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Lissie Harper and the police officer’s relatives were prompted to campaign for the law after the 28-year-old officer was killed while responding to a call about a stolen quad bike on August 15, 2019. The Government has said it will introduce “Harper’s Law” as soon as possible, while Lissie has been praised by Prime Minister Boris Johnson and Justice Secretary Dominic Raab during a series of meetings in Westminster.
After meeting Mr Johnson yesterday afternoon, she said: “It started with a sense of a feeling of injustice, a feeling of anger, and this isn’t right and something needs to change.
“Throughout this process I’ve received an immense amount of support from the public and those close to me, but also from strangers.
“To reach this point with Harper’s Law, I’m really proud of all the work that we’ve done. I think it sends a message to those who lead those sorts of lives ‑ who commit crimes, who have no remorse for taking innocent people’s lives away ‑ and it will tell them that we won’t stand for this.”
Mr Raab also praised the widow for her crusade. He assured Lissie that she had the support of Parliament and applauded her tenacity in campaigning for the law change.
He met her the day after the Government announced all offenders who kill on-duty police and emergency service workers while committing crimes will receive mandatory life sentences.
Harper’s Law, named in memory of her late husband, is set to go on the statute book early next year.
The PC, of Thames Valley Police, was dragged to his death while investigating a burglary near Sulhamstead, Berkshire.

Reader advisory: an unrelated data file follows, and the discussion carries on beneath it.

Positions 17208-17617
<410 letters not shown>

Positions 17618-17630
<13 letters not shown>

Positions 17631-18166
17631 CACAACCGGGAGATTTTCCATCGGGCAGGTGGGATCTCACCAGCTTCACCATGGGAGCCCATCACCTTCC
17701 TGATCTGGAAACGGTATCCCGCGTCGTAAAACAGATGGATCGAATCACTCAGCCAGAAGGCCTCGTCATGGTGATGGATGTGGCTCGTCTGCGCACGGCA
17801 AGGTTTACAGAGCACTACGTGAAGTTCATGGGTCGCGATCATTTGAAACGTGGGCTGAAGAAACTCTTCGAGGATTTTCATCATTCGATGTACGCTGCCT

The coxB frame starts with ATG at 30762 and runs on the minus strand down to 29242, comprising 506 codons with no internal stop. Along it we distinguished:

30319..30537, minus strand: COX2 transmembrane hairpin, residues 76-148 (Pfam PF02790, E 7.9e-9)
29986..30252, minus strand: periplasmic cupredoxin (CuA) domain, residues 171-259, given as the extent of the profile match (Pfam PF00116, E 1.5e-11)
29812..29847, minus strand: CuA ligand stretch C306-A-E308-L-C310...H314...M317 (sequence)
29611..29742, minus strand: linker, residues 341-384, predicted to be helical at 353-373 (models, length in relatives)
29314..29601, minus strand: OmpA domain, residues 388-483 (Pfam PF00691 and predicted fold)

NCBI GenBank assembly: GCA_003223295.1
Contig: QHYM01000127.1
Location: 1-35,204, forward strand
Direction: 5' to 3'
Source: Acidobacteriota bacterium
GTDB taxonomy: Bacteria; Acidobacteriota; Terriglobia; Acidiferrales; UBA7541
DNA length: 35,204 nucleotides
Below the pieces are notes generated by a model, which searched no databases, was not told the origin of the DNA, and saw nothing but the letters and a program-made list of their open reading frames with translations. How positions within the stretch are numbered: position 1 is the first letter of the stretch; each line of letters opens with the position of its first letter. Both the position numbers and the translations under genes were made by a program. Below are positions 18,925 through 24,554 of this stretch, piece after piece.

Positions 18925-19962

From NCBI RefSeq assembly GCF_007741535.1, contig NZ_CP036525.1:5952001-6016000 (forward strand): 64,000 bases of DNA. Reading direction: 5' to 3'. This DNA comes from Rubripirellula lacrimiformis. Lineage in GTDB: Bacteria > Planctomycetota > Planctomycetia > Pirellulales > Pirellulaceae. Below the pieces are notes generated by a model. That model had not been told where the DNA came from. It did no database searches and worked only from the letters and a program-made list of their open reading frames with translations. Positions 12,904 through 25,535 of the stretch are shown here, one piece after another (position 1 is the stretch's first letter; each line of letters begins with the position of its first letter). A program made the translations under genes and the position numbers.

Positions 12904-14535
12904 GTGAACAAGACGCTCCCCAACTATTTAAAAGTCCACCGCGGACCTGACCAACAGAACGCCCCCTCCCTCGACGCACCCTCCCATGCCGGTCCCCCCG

He was chasing a gang of teenage thieves when his feet got caught in a strap hanging from the boot of their getaway car.
There was outrage when they were cleared of murder at the Old Bailey last year. They got just 13 to 16 years behind bars for manslaughter.
They will be freed after serving half the sentence. Lissie’s torment was further increased when the Court of Appeal threw out an attempt by the Attorney General to increase the length of their terms.
Under Harper’s Law, offenders who kill in similar circumstances would be jailed for life for manslaughter.
Criminals convicted of murder already face mandatory life sentences.
At a meeting in his Westminster office, Mr Raab told Lissie: “You’ve got a huge amount of support in the country, in the House of Commons, and all because of the tenacity you’ve shown.
“I think you’ve shone a light on something which is really important so I’m just really pleased we can support you and get this done.”
Turning to a Police Federation representative, Lissie, 30, said: “We’re both really happy to reach this point. It’s been a long, hard journey. We’re just relieved I think.
“We knew we would get to this point because we’re just very determined, but I think just the amount of support that people are showing as well just proves how much everyone wants it.”
“There’s a lot of hard work gone into it behind the scenes as well, so… just really pleased.”
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